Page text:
A union leader has claimed that up to a 1,000 jobs could be lost if the four Welsh police forces are merged.
Unison's Jean Brady claimed 1,000 police jobs could be lost
Jean Brady, a Unison organiser for Wales, said the option of merging Wales' forces would lead to job cuts.
The warning came as a cross-party Welsh assembly committee considered evidence on police reorganisation in Wales.
Home Secretary Charles Clarke has said some of Wales and England's 43 police forces are likely to merge to form larger units.
Mr Clarke has said all forces must reorganise to meet 21st century threats including organised crime and international terrorism.
One of the options being considered is to merge the four Welsh forces - South Wales, Dyfed-Powys, Gwent and North Wales - into one larger all-Wales unit.
Ms Brady said that such a reorganisation would lead to major job losses among police officers.
She told BBC Wales: "If there is restructuring in Wales as people are talking about, which is one force, then potentially we are talking about 1,000 jobs being lost throughout Wales in different roles.
"The knock-on effect is not having the jobs done at local level.
"I think there will be a knock-on effect for the force as well in losing all that expertise.
"The money they've spent on training people and then to lose them to outside organisations is not money well spent."
Charles Clarke has indicated he would prefer an all-Wales force
Ms Brady's warning came as a cross-party social justice committee at the Welsh assembly completed on Wednesday their review into the way policing is organised.
The committee considered several options and their conclusions will form part of the assembly's advice to Mr Clarke.
First Minister Rhodri Morgan has said the future of the four forces in Wales remains "up for grabs", despite Mr Clarke's preference for a single force.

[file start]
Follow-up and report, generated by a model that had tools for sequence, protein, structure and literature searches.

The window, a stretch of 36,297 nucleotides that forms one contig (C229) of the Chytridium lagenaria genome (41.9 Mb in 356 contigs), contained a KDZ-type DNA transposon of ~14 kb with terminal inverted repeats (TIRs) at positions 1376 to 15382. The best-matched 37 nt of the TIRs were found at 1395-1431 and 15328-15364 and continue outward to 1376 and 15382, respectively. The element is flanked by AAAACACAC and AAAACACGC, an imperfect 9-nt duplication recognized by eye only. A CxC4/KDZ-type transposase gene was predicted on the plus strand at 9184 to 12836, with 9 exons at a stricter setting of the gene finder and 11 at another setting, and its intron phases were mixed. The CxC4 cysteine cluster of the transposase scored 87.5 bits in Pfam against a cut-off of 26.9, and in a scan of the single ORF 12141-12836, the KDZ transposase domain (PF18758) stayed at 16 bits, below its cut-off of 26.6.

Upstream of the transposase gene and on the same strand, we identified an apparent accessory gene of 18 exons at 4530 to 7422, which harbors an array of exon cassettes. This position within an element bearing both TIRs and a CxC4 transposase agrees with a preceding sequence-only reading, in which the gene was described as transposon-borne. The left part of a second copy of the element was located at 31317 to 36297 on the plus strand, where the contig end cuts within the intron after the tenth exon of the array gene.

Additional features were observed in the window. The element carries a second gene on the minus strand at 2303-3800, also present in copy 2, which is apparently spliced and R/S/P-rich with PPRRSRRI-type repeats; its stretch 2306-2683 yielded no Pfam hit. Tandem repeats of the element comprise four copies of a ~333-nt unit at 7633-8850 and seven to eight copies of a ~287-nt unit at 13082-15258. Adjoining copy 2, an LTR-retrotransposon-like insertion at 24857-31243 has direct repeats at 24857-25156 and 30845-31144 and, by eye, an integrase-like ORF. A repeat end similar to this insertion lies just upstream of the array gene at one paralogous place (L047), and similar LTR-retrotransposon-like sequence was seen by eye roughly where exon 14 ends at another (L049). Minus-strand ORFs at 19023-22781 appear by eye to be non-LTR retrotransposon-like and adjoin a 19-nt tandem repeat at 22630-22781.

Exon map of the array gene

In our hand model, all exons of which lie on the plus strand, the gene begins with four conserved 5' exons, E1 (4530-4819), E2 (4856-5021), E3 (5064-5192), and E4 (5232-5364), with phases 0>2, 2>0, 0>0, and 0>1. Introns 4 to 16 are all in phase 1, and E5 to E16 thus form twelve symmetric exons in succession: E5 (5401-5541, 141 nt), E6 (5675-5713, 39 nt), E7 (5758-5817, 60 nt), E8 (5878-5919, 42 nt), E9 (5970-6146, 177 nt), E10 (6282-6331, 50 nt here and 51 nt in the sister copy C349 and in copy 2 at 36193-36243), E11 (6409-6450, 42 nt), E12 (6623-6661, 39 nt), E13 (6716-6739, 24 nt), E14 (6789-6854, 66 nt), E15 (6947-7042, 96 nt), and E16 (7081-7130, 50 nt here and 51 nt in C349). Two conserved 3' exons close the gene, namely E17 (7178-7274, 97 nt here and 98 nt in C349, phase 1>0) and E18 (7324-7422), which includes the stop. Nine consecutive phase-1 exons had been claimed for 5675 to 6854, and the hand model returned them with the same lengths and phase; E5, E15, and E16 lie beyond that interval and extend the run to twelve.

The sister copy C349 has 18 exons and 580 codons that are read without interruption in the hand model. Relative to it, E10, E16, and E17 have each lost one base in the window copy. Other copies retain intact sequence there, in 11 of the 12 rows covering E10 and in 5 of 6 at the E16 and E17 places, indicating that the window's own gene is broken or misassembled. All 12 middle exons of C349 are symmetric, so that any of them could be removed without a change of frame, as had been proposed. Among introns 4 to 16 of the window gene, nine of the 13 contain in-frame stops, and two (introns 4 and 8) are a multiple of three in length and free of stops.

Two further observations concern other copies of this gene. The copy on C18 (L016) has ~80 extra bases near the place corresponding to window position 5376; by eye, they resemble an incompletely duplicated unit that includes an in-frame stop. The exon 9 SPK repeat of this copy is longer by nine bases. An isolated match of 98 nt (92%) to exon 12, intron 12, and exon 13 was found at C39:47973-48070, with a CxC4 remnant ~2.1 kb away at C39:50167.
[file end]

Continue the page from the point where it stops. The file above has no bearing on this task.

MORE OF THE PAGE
Responding to a question in the assembly regarding the Unison claim that up to a 1,000 jobs could be lost in reorganisation, Welsh Social Justice Minister, Edwina Hart, said that although she had held meetings with Unison representatives, she could not recall that figure being raised.
But she added that she would certainly expect "major consultations if any of these issues arise."
'Cause for concern'
She said that if any job losses were to follow, it was hoped they would come through "natural wastage" and that the levels of service to the public would not be compromised.
But Leanne Wood, Plaid Cymru's social justice spokesperson, said the figure of 1,000 job losses could have an impact on services.
She added: "I don't think anybody's heard that figure, but obviously it is a real cause for concern.
"We've been told there are going to be efficiency savings as a result of this...it looks though that's jobs and that's a big problem.
"If we are to lose 1,000 people, I can't see how the same level of service can be provided."
Police forces have to submit their preferred options for reorganisation to the UK government by 23 December.
In two areas - Wales and north-east England - Mr Clarke indicated that only a single force would get his backing, and that "other stand-alone and merger options were assessed as unsuitable".